Paula Caplan is a clinical and research psychologist and Director the Voices of Diversity Study based at the DuBois Institute at Harvard. Previously, she was a Full Professor of Applied Psychology and head of two graduate programs (one of which included the Feminist stream in Community Psychology) at the Ontario Institute for Studies in Education (OISE) of the University of Toronto, as well as Head of the OISE Centre for Women’s Studies in Education. She also taught in the University of Toronto's undergraduate Women's Studies Programme. More recently, she served as a lecturer in Harvard’s Psychology Department and in the Program on Women, Gender and Sexuality. During her fellowship at WAPPP, Caplan continued her work on two projects: the Voices of Diversity study and follow-up from recent her book on returning women and men veterans from the Iraq and Afghanistan wars, When Johnny and James Come Marching Home: How All of Us Can Help Veterans. Paula holds a Ph.D. and a M.A. in Psychology from Duke University and an A.B. in English from Radcliffe College.
Assistant Professor at the Kenan Flagler Business School at the University of North Carolina Chapel Hill
Sreedhari Desai is an Assistant Professor at the Kenan Flagler Business School at the University of North Carolina, Chapel Hill and a research fellow at the Edmond J. Safra Center for Ethics at Harvard University. Her research investigates how individuals behave in organizations, with a focus on ethical decision making, fairness and gender diversity. During her fellowship at WAPPP, Sreedhari’s research, joint with Iris Bohnet and Aaron Dhir, examined the wisdom of regulatory boards in increasingly requiring organizations to disclose how they go about making hires, particularly in the upper echelons of organizations. In this project, Sreedhari and her coauthors studied whether counter to the popular conjecture, requiring recruiters to disclose their choice of a hire will serve as a vehicle for justifying why they chose a male over a female candidate. Sreedhari holds a Ph.D. in Organizational Behavior from the University of Utah, an M.S. in Finance, also from the University of Utah, and a B.S. in Metallurgical Engineering from the Punjab Engineering College.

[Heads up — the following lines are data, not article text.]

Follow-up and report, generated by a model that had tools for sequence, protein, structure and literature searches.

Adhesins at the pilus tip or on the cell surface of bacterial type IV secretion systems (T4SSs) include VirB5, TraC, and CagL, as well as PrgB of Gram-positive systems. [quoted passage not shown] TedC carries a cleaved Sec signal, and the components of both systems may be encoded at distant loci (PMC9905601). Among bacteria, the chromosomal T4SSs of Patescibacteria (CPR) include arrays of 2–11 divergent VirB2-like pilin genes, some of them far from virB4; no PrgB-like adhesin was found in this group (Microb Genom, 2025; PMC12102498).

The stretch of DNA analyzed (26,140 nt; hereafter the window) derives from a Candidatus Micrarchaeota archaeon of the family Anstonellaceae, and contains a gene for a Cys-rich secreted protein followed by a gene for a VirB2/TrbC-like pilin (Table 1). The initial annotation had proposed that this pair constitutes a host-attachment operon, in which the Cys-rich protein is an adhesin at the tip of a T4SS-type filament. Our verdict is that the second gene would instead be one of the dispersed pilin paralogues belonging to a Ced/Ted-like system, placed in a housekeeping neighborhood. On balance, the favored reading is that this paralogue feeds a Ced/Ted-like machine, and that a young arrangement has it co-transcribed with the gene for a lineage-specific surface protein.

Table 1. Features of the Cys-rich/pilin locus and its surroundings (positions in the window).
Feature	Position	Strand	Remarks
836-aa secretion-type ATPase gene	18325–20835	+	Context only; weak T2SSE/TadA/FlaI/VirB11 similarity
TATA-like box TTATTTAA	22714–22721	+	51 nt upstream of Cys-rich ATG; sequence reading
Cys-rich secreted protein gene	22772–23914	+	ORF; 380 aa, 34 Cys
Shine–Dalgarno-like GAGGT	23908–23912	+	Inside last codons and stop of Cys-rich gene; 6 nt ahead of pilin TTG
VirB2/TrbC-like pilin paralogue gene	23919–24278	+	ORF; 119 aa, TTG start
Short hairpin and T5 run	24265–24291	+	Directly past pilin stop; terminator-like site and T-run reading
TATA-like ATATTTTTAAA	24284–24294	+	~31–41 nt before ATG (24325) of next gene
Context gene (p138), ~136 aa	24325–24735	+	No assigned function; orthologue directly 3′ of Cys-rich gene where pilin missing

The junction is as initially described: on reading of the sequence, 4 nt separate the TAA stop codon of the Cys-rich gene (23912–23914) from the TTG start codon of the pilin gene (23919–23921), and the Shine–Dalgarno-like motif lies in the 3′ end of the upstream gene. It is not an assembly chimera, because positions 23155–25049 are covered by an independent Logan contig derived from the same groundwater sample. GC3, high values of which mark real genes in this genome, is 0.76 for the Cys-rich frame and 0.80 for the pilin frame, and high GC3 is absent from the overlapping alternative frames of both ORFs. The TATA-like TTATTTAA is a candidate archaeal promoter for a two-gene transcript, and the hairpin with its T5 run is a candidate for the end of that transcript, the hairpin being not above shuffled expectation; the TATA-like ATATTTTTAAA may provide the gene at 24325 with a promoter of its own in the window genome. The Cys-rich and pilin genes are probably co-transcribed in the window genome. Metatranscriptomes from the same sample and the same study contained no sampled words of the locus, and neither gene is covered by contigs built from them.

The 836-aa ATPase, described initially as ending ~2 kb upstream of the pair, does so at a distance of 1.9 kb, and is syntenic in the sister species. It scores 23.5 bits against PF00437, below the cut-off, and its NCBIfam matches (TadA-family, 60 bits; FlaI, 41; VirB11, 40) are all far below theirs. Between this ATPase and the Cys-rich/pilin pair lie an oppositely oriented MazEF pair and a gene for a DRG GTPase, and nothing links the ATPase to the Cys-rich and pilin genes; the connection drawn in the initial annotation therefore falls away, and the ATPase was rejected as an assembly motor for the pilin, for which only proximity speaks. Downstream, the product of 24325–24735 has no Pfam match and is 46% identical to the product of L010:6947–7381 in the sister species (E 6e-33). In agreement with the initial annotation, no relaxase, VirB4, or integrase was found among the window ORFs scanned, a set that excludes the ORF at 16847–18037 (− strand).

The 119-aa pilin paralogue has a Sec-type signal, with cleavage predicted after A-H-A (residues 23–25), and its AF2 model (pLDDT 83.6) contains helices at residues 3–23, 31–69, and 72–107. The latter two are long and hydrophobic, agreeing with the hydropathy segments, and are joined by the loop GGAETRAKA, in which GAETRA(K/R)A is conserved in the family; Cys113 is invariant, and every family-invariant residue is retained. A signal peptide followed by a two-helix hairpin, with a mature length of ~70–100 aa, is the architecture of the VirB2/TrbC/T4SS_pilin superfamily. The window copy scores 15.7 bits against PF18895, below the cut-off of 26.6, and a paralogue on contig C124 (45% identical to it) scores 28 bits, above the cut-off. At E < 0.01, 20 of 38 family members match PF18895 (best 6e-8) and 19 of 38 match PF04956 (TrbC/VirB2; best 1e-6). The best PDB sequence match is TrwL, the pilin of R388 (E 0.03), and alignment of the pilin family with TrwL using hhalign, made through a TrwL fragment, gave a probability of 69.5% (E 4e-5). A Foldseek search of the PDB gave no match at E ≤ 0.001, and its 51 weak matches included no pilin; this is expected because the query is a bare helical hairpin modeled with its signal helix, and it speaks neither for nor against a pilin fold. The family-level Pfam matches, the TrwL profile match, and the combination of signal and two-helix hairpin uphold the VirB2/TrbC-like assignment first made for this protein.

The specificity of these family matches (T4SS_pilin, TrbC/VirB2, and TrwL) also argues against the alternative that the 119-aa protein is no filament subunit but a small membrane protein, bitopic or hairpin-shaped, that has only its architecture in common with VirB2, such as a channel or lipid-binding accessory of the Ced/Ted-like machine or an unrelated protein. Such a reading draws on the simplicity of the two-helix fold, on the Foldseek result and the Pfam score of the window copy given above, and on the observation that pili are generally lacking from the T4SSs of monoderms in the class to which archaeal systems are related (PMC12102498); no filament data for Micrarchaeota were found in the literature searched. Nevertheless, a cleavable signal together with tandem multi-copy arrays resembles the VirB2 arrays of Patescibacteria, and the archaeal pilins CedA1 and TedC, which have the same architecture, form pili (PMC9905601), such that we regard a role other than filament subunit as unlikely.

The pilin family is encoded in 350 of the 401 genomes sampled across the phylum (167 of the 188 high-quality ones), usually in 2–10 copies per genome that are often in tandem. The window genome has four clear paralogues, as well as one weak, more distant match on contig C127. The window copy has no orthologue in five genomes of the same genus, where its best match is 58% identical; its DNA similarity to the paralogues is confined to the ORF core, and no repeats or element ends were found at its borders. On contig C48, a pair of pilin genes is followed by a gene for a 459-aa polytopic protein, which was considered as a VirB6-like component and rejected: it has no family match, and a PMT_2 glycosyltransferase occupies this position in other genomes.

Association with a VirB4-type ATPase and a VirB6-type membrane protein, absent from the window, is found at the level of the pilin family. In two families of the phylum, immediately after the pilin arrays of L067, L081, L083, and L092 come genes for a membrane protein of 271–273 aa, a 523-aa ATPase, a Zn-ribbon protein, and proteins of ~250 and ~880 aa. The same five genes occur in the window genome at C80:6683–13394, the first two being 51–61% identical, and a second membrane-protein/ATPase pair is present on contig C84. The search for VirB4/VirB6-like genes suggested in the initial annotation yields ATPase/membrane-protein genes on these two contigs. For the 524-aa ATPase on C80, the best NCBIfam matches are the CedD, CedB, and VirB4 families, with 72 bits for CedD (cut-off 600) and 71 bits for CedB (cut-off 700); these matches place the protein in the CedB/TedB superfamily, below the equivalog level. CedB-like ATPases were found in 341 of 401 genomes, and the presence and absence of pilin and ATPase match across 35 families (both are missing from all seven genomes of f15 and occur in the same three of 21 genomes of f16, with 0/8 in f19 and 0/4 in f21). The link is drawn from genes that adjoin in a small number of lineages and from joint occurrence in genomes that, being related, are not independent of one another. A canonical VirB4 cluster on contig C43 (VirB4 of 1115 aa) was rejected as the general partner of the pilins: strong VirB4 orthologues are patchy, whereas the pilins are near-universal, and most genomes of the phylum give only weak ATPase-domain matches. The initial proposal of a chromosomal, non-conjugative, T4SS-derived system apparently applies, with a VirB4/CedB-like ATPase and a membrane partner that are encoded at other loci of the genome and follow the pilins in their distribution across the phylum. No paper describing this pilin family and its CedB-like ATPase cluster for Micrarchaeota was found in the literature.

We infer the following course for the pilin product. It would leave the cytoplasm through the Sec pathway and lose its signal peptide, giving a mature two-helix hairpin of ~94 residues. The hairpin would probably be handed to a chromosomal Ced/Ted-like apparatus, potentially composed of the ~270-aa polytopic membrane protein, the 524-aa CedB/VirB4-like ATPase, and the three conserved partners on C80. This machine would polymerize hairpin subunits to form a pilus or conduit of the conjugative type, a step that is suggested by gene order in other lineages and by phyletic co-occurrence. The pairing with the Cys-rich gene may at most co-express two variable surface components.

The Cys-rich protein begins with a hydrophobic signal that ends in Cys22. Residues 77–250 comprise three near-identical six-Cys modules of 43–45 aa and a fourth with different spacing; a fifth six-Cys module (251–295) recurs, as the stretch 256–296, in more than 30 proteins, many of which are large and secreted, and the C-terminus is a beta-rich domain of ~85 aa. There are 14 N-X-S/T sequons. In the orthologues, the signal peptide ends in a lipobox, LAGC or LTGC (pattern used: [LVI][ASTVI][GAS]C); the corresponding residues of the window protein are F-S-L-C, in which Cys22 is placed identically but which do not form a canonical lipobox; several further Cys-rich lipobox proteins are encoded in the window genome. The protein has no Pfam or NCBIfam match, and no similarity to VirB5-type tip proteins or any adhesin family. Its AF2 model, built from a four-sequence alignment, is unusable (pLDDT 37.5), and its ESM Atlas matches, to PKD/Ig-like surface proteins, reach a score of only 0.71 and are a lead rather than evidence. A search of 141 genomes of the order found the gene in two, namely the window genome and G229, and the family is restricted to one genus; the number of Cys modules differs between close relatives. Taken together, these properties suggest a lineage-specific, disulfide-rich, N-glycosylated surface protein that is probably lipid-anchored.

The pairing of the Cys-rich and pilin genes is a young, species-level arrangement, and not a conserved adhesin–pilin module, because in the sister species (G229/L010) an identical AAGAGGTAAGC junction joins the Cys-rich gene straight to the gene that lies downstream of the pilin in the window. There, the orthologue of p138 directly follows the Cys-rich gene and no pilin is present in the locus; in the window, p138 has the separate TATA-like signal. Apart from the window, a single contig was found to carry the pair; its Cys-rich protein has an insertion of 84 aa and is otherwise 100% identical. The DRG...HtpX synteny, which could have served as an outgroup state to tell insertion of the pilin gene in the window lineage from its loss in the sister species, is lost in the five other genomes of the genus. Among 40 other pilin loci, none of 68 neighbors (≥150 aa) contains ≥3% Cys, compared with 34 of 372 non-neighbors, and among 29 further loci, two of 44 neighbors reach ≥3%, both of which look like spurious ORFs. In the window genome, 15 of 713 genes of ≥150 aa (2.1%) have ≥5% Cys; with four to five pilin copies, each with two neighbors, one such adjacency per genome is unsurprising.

Assistant Professor of Economics at Wellesley College
Pinar Keskin is Assistant Professor of Economics at Wellesley College, where her work focuses on environmental and development economics. During her fellowship at WAPPP, Keskin continued her work on gender, inheritance rights and marriage in India. Previously, Keskin was an Assistant Professor of Economics at Wesleyan University and held the Giorgio Ruffolo Postdoctoral Fellowship in Sustainability Science at the Center for International Development at HKS. Keskin holds a Ph.D., an M.A. and an M.Phil in Economics from Yale University and a B.A. in Economics from Bilkent University in Ankara, Turkey.
Assistant Professor, International Economics Department, Graduate Institute of International and Development Studies in Geneva
Martina Viarengo, an Italian citizen, is Assistant Professor in the department of International Economics at the Graduate Institute of International and Development Studies in Geneva. Viarengo is a specialist in applied microeconomics and development, and her research focuses on comparative education policy, gender and migration. During her fellowship at WAPPP, Viarengo will continue to examine education policy, gender gaps and labor market outcomes in the OECD and developing countries to better understand how to reduce poverty and inequality. Previously, she was a Research Economist with the Education and Skills Program of the Centre for Economic Performance at the London School of Economics. In 2009 Viarengo was elected as a Fellow of the Royal Society of Arts and named Newton International Fellow by the British Academy, Royal Society and Royal Academy of Engineering. She holds a Ph.D. from the London School of Economics, a Master’s Degree from Northwestern University and a B.A. in Economics from the University of Turin.